Insurance plan dentists sign contracts to accept maximum fees that they may charge to their patients. While this may sound great for patients, the downside is that the fees much more closely approach the cost of doing business. In other words, the profit margins are significantly decreased. Why should this matter? Profit is bad, right?
Profit is not a bad thing. They contribute to income, viability, and improvement of a dental office. It is excessive profit that many have a problem with. I am not talking about that.
So with the profit margins being squeezed significantly by the insurance companies, can an insurance plan dentist afford to be conservative in their care? If a digital x-ray shows some decalcification within the enamel but is not all the way through the enamel to be considered a cavity, can the insurance plan dentist afford not to do a filling anyway? If a patient presents to the office with a toothache that is not caused by an unhealthy pulp within the tooth, can the insurance plan dentist afford not to do a root canal and then perhaps a crown? Can the insurance plan dentist afford to look into other reasons why the toothache may exist? There are other potential causes.
There are other occasions to be conservative. When a patient arrives for a regular teeth cleaning, can the insurance plan dentist afford not doing a “deep cleaning” if it is not clearly needed? If a patient has deeper decay and needs a crown on the tooth, can the insurance plan dentist afford not to do a root canal procedure “just in case” the tooth would have become a problem later on?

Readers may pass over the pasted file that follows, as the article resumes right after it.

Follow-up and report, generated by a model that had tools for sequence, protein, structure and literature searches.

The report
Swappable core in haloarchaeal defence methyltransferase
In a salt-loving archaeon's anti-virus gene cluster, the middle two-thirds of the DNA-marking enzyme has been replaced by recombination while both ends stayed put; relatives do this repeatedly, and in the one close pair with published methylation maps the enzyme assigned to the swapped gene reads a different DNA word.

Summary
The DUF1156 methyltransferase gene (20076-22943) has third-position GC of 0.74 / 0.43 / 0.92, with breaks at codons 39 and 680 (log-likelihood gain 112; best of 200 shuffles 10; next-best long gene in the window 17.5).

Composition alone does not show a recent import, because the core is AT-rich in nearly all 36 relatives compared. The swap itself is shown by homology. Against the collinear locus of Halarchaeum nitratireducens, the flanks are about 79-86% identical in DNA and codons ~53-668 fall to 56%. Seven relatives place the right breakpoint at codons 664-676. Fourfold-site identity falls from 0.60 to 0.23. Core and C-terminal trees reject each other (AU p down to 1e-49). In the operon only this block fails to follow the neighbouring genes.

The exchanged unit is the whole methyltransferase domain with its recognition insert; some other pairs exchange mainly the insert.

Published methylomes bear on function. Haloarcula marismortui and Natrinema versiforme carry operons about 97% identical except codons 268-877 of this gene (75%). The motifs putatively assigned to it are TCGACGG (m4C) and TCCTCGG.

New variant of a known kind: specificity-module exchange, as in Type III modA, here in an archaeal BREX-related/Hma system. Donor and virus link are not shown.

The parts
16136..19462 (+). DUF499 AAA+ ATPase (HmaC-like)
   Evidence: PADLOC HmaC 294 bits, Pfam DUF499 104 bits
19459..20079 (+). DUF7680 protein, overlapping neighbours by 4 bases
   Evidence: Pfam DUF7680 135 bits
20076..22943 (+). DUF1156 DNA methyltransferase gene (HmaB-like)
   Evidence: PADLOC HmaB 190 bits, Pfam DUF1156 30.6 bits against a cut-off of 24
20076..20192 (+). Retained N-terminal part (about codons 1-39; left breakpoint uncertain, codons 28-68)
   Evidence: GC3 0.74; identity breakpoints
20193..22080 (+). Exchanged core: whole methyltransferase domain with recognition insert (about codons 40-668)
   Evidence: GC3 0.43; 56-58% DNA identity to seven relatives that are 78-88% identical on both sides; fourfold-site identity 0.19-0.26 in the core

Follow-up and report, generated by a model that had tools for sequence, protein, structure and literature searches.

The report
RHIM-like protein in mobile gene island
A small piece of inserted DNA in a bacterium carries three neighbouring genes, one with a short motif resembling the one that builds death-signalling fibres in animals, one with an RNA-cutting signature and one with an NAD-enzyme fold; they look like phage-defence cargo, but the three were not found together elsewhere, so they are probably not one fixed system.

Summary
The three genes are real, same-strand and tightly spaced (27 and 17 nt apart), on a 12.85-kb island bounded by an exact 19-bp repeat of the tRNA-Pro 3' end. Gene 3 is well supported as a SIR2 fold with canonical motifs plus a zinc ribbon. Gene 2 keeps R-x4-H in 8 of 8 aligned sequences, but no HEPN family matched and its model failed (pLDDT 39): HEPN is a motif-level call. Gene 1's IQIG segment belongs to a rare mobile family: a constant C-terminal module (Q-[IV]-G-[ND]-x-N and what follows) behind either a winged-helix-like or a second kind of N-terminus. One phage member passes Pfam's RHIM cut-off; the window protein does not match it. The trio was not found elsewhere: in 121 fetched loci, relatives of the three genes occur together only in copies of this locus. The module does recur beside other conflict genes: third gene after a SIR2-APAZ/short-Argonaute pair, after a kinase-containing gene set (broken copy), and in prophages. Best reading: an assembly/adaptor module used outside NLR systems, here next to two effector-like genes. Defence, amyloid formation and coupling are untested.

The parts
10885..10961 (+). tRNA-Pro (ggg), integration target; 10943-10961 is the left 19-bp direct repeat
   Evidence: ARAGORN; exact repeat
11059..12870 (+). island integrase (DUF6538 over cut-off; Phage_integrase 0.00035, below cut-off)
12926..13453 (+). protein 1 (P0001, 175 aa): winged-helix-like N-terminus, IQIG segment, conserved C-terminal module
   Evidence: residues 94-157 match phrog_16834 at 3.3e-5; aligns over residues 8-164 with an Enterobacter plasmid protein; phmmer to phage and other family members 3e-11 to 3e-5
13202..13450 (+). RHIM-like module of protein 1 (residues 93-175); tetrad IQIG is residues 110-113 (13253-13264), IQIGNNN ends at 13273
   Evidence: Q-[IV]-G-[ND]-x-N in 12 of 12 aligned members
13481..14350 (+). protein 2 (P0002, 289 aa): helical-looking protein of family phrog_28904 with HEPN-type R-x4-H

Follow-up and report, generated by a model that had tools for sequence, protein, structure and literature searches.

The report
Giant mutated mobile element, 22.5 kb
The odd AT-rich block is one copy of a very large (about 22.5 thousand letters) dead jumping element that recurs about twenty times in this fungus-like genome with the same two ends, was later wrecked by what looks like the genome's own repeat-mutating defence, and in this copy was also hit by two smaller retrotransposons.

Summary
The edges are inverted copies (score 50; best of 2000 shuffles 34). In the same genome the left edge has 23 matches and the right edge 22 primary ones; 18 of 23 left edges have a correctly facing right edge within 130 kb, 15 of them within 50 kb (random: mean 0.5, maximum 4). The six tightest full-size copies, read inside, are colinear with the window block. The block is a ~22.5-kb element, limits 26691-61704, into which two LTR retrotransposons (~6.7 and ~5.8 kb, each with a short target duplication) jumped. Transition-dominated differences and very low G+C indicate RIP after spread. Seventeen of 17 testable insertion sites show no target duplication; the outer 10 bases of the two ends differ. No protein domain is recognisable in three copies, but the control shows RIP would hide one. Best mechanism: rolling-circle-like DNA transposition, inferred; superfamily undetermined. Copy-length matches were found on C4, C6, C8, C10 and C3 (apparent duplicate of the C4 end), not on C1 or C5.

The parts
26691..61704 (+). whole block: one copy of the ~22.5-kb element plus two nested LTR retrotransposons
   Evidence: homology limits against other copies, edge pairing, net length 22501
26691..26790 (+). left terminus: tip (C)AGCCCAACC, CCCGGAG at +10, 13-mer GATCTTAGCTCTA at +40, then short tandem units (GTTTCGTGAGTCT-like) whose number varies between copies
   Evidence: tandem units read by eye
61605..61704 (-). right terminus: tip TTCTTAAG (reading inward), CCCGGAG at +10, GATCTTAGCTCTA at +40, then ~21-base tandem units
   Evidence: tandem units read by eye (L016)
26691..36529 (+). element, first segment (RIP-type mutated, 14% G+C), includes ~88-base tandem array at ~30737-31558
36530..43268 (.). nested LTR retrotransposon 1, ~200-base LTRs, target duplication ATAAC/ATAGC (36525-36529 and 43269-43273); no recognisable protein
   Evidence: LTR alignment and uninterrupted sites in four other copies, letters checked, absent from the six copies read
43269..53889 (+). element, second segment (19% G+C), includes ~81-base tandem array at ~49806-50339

We see these scenarios apparently play out with patients who either return to my practice or who are new to our practice. You have one set of adult teeth. Low fees sound great, staying in-network with a dentist seems financially prudent, yet the insurance companies are severely undercutting the fees their contracted dentists may charge. This then places more pressure on the insurance plan dentists to make a profit in some other way. How that additional profit is found is determined by the insurance plan dentist, or by their employer.
There are still dentists who are not under contract from insurance companies, who are not forced to squeeze their profit margins, and who can very much afford to be conservative with their dental care. If treatment is clearly not needed, then it should not be done. That is in your interest. I am fortunate enough to be one of those dentists who is not being pressured by any insurance company. We truly care for our patients, and we actually to provide conservative care for our valued patients.
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